1991's Toto the Hero features the main protagonist believing that he was switched at birth with the neighbour's baby, and setting out to get the life that he believed was his.
To be fair, they had to deal with three babies, not two; "a golden-haired male baby we will call Baby A," "a golden-haired male baby we will call Baby B," and "a golden-haired male baby we will call the Adversary, Destroyer of Kings, Angel of the Bottomless Pit, Great Beast that is called Dragon, Prince of This World, Father of Lies, Spawn of Satan, and Lord of Darkness".
This is part of the plot of Mark Twain's novel Pudd'nhead Wilson, involving two sons of a white plantation owner, one by his wife and one by a slave woman, being switched at birth by the slave so her son could live a life of privilege. The titular Wilson finds out almost twenty years later, when he takes the defense of an Italian man (himself a twin) who has been mistakenly accused of murder — and the slave's son is the culprit. In the end, after Wilson reveals the whole switch to save his client, the slave's son is formally enslaved and sold down the river, and the wife's kid is brought back into the family... but he's a Fish out of Water and not happy about it.
In "Lady Clare," a lengthy poem by Alfred, Lord Tennyson, the titular noblewoman discovers that her nursemaid Alice is actually her biological mother, who had been the nursemaid of the real Lady Clare. When the earl's daughter died, Alice switched the infants and claimed the dead baby as her own so as not to deprive the noble family of their only child.
In Andre Norton's Jargoon Pard, Kethan is switched at birth for a woman's daughter, because only a son can inherit. At the climax, this is revealed to the woman and his parents; they reveal that actually, they knew it for a long time. Kethan nearly despairs because his purported mother no longer wants him, because she can no longer use him. After the fight, however, his parents eagerly lay claim both to their biological son and the daughter they raised.
As was the protagonist of Roger Zelazny's Madwand. In the end the two changelings end up making war on each other.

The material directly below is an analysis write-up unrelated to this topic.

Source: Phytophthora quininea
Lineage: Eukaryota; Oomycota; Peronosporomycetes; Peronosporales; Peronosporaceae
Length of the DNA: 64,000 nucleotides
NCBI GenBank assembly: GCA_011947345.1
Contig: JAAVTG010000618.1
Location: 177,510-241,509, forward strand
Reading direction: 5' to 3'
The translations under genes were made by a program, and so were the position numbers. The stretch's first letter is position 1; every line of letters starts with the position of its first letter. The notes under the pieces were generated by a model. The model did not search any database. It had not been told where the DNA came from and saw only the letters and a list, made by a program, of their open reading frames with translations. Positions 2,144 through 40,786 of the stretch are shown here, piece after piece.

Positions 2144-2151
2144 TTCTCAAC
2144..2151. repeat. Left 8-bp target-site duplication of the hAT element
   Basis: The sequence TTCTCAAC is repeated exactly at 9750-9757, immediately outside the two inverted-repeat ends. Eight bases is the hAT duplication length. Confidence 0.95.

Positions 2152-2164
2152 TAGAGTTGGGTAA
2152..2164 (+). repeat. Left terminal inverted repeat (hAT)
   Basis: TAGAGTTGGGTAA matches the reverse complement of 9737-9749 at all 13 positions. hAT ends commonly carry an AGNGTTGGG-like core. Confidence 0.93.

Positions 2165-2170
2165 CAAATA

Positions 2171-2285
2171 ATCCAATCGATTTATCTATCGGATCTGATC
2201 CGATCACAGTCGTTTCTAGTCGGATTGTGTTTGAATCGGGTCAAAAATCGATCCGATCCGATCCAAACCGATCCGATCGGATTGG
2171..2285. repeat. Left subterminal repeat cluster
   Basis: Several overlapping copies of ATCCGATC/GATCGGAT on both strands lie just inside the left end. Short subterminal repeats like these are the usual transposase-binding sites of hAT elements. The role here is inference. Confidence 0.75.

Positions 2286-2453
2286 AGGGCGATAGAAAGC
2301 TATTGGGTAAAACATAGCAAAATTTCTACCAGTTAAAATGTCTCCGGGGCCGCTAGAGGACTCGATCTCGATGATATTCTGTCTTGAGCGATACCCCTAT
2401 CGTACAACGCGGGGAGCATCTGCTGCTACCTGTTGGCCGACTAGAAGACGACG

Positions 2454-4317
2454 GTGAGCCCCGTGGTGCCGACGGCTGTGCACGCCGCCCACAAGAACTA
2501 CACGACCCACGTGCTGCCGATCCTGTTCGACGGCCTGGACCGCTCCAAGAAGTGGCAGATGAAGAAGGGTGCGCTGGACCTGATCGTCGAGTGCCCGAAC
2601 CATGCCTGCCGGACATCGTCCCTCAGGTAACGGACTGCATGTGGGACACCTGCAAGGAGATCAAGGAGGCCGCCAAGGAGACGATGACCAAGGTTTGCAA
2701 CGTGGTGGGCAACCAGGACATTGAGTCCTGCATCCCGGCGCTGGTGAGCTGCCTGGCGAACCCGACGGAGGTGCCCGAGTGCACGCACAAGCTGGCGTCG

The fantasy novel Split Heirs involves a royal set of boy/girl triplets, where the girl, and younger boy triplet were supposed to be secretly sent off to be raised by the queens brother, while the firstborn boy was to be raised to be the heir to a warrior kingdom. A mix up occurs, and the girl is raised as a prince, and becomes a fearsome warrior, while one boy becomes a shepherd, and the other a wizard's apprentice. The culture of the story thought that multiple births meant the queen had been unfaithful, which would have meant her execution. Also, a girl would not have been able to inherit the throne, so the queen kept the girl's sex a secret even to the girl herself.
A lot of baby-shuffling occurs in Septimus Heap. The title character is pronounced dead at birth by the midwife, but she actually steals him and he ends up getting switched with her own son. Meanwhile, Septimus' father finds an abandoned baby girl, and since his wife is known to have been pregnant and they think their baby is dead, they adopt the girl and pretend she's their own daughter.
In L. M. Montgomery's Anne of Green Gables series (Anne of Ingleside), a mean little girl convinces one of Anne and Gilbert's twin daughters, Nan, that she was switched at birth with a fisherman's daughter. The girl insists that twins always look alike, and the fact that Nan and her twin Di don't, being fraternal twins, it proves that they were switched at birth. Nan does the honorable thing and tries to switch back, only to be told by the fisherman's wife that her daughter is nearly a year older than she is, and therefore they could not have been switched. Quite relieved, Nan turns to go home and gets caught in a storm before returning safely. Anne and Gilbert are understandably upset.
At least two instances in A Song of Ice and Fire. In A Feast for Crows, Mance Rayder's son is switched with Gilly's son in order to prevent Melisandre from taking advantage of his "royal blood" as a sacrifice to R'hllor. A Dance with Dragons reveals that Aegon Targaryen is still alive because of a baby swap.